Star cast: Amit Riyaan, Ali Asgar, Sharbani Mukherjee, Chetan Pandit.

Plot: Amit Riyaan, a young man from Bihar, hijacks a public transport bus in Bombay and holds passengers hostage, in protest against the anti-North Indians agitation of a political party in Maharashtra. It is inspired by the real-life incident in which the Bihari youth was killed by the police.

What’s Good: Nothing really.

What’s Bad: The childish script; the amateur performances of some actors; the unexciting drama.

Verdict: 332… Mumbai To India is neither for Mumbai nor for any other part of India.

Loo break: Anytime!

K Sera Sera Box Office Pvt. Ltd. and Sangeeth Sivan Productions Pvt. Ltd.’s 332… Mumbai To India (UA) is the story of a misled young man from Bihar who has to pay for his stupidity with his life. It is based on the notorious real-life incident of a Bihari boy who held passengers in a BEST bus in Bombay hostage to draw people’s attention to the issue of Maharashtrians versus North Indians which had taken an ugly turn some time ago.

Rahul Raj (Amit Riyaan), who hails from Bihar, hijacks a public transport double-decker bus (no. 332) in Bombay and holds the conductor on the upper deck and some passengers hostage to draw people’s attention to the atrocities on North Indians perpetrated by a political party in Maharashtra, fighting for what it feels is the birthright of Maharashtrians. Even while Rahul Raj is asking for the media to be called and the police commissioner to be summoned to hear him out, the hostage drama, being televised, sparks off a mini riot between Maharashtrians and North Indians in a bylane of Bombay. It likewise gives rise to tension between a Bihari student and a Maharashtrian student living in the same hostel in North India. This incident also has a bearing on autorickshaw driver Ismail (Ali Asgar) who belongs to neither community at war, when he is beaten up by North Indians, and his autorickshaw, damaged.

The police helplessly watch the hostage drama being played out but as soon as they get an opportunity, they kill Rahul Raj in the bus.

Mahesh Pandey’s script is childish, to say the least. The writer begins on the premise that every viewer is aware of the real-life drama and, probably because of that, he doesn’t bother to establish a lot of things. Of course, this is not the way to write a script. The screenplay looks so half-baked that even inherently exciting scenes look lifeless and silly. Note, for instance, the huddled hostages – the positions in which they are seated would make one laugh, not fear for their lives! Also, note when two police officers approach the hijacked bus and try to get into it, all through, trying hard to not be seen by Rahul Raj. Now, if Rahul Raj is on the upper deck of the bus, all he has to do is peep out of the window because the moment the police officers are not in sight from his view point, it is obvious that they are trying to enter the bus. Surely, they wouldn’t go on a picnic in such a panic situation! And yet, the writer never shows the point of view of Rahul Raj when the police officers tip-toe to the bus – as if not showing his point of view would be enough to establish that he couldn’t know that the policemen were nearing him.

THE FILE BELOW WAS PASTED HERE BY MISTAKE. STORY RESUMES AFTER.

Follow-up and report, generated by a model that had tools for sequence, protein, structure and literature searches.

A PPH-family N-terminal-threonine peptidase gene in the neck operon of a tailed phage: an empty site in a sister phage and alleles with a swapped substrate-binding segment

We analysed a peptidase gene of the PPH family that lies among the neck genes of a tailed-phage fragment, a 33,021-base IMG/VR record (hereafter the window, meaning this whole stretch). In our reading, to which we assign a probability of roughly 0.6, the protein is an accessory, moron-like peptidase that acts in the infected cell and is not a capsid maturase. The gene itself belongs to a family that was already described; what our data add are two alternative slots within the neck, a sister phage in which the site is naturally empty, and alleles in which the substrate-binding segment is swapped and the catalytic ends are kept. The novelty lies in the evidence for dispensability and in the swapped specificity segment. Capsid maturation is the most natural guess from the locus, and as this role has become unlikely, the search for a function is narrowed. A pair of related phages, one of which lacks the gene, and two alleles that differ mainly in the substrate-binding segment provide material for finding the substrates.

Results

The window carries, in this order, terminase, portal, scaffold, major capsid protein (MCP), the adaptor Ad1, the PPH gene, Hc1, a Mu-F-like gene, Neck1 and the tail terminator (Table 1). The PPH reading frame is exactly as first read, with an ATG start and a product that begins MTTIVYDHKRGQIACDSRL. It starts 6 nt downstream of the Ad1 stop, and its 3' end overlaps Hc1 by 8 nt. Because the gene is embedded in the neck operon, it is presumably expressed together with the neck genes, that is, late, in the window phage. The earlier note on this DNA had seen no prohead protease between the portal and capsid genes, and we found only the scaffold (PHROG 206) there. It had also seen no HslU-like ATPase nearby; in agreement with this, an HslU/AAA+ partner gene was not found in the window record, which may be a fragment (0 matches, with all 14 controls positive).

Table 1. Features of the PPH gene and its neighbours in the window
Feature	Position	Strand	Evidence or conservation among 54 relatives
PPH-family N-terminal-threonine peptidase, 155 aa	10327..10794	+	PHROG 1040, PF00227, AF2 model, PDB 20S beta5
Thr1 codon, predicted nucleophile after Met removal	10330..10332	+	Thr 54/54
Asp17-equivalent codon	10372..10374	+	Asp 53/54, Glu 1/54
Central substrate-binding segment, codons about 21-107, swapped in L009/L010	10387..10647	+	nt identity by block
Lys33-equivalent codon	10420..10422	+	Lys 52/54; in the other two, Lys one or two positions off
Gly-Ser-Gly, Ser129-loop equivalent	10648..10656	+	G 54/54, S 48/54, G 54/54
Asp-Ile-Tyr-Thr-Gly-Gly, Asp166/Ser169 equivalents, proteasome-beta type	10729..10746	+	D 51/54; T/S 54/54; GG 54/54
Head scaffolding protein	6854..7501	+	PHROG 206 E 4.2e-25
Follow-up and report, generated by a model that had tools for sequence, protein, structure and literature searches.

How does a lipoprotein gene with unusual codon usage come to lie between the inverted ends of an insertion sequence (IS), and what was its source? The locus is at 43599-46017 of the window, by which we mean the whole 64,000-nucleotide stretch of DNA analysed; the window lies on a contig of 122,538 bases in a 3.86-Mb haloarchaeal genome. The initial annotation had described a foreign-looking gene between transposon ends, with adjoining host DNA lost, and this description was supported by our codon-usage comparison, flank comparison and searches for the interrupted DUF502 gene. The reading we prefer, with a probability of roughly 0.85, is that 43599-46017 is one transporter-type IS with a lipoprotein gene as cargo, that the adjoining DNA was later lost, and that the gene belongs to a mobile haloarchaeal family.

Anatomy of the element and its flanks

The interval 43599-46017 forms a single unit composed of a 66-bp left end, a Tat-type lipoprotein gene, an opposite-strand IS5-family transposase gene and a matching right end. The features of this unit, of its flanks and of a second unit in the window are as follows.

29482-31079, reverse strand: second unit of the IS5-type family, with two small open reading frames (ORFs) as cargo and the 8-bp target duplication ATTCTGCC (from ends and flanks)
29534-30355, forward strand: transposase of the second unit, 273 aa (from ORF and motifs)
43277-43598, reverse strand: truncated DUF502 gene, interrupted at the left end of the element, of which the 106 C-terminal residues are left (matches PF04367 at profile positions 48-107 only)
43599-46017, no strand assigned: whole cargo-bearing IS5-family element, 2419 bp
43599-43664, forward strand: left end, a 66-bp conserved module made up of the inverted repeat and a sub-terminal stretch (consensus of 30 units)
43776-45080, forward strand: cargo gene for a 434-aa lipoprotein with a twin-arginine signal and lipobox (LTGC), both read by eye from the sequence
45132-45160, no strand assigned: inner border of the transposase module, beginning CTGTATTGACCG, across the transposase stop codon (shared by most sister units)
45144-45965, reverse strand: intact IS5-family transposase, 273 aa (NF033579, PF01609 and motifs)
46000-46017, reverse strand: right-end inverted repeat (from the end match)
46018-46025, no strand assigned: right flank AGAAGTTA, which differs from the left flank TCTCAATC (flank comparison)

All in all, the story and screenplay are shoddily written and fail to involve the audience. Besides, basing an entire film on just one incident, howsoever interesting, is not the wisest thing to do – at least not when the script is so half-hearted.

The climax, in which all the enemies coincidentally are holding each other’s hands during a show of solidarity and unity looks too contrived to be believable.

Amit Riyaan does an average job, partly because the script is so weak. Sharbani Mukherjee is sincere. Hiten Rajgore fails to impress. Chetan Pandit is alright. Ali Asgar performs quite well. Kishwar Merchant, Vijay Mishra, Rohit Pathak and Monty Bakshi fill the bill.

Mahesh Pandey’s direction is as dull as his script. The narration fails to involve the audience. The numerous beeps ordered by the CBFC dilute the impact even more, and they also irritate the viewer. Shamir Tandon’s music and Amal Donwaar’s lyrics are functional. Background score (Sunil Singh) is unimpressive. Krishna Ramanan’s cinematography is ordinary. Editing by Chirag Jain is alright. Production and technical values pass muster.

On the whole, 332… Mumbai To India is an amateur attempt and a waste of effort. It may be a low-budget fare (investment: less than Rs. 3 crore) but its chances at the ticket windows are almost nil.

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